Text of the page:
You must pay provincial and federal taxes on your business income. Income from sole proprietorships and partnerships is taxed as personal income. Corporations must file their own separate taxes. You must also take deductions from your employees' pay for Canada Pension Plan, Employment Insurance, and income tax contributions.
On this page:
If you own a sole proprietorship or are part of a partnership, your business income (or your share of it) will be taxed as your own personal income. Make sure you budget for it – save a portion of your revenue so you'll have your payment ready when tax day comes.
You will report your sole proprietorship and partnership income on your T1 General Return. Learn more about taxes for sole proprietorships and partnerships on the Canada Revenue Agency website.
Tax-deductible expenses for sole proprietorships and partnerships
You can deduct business-related expenses from your taxable income. Your expenses must relate to generating business income.
Corporations must file their own separate tax return. Corporate earnings are not taxed as part of your personal income. Taxes for corporations can be complex. You may want to seek help from an accountant to make sure you're complying with all the applicable laws.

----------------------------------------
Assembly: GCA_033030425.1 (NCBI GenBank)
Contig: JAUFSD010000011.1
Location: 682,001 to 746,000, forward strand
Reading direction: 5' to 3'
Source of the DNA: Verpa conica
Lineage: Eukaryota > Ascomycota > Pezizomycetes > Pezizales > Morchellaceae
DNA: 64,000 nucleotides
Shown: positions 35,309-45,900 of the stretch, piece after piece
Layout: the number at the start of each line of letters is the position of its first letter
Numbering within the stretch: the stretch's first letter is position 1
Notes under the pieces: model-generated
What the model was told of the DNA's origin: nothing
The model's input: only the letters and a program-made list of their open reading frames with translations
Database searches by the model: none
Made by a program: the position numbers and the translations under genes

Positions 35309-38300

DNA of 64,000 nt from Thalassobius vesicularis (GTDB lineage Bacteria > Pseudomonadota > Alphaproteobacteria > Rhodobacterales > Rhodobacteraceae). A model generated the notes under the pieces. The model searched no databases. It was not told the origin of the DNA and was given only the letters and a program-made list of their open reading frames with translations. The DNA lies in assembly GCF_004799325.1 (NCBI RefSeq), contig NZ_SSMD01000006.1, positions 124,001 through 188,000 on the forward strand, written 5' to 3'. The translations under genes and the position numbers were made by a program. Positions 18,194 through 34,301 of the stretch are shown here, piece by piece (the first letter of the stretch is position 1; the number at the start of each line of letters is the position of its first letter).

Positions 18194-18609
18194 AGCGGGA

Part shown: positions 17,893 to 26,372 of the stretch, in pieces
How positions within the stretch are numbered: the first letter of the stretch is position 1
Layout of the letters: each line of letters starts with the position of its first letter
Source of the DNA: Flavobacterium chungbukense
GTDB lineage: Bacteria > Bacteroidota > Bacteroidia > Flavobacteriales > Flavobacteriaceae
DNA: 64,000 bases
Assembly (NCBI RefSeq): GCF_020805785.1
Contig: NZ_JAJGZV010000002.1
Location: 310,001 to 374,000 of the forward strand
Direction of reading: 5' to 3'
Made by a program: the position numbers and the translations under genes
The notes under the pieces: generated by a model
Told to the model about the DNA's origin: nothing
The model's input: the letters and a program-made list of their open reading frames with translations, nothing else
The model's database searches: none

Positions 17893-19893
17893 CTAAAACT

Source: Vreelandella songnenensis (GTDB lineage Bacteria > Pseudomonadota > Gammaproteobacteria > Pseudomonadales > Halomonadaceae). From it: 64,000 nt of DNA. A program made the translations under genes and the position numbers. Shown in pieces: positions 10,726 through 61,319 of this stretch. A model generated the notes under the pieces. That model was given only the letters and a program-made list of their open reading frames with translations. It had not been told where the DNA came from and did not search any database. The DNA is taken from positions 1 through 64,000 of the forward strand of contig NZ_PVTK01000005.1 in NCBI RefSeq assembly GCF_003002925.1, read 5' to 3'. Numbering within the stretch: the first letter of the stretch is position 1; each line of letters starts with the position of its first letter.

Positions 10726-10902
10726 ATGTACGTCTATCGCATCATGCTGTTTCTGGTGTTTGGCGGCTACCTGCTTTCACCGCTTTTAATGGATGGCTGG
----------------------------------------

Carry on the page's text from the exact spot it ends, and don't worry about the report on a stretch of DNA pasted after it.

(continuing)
The Government of Alberta has an excellent overview of provincial corporate tax law or you can visit the Canada Revenue Agency's guide to corporate taxation.
You may have to charge your customers GST (Goods and Services Tax) on your business' products and services, and remit it back to the federal government. Most goods are taxable, but some are exempt – check with the Canada Revenue Agency to find out if your products or services are exempt from GST.
The province of Alberta does not have HST (Harmonized Sales Tax) or PST (Provincial Sales Tax), but you may have to add them if you operate in other provinces. Check with the provincial government of each province or territory you're operating in to find out what additional taxes apply to you.
Excise taxes and excise duties
Additional excise taxes and excise duties may apply to some types of goods.
Excise taxes apply to:
- Fuel-inefficient vehicles
- Automobile air conditioners
- Certain petroleum products
Excise duties are charged on:
- Tobacco products
As an employer, you must deduct the following from your employees' pay:
- Canada Pension Plan (CPP) contributions
- Employment Insurance (EI) premiums
- Income tax
Visit the Canada Revenue Agency to calculate payroll deductions you must make. You may also have to deduct Workers Compensation Board of Alberta premiums, depending on your industry.
Still have questions?
Talk to our team. We'll help you find the answers you need.Contact us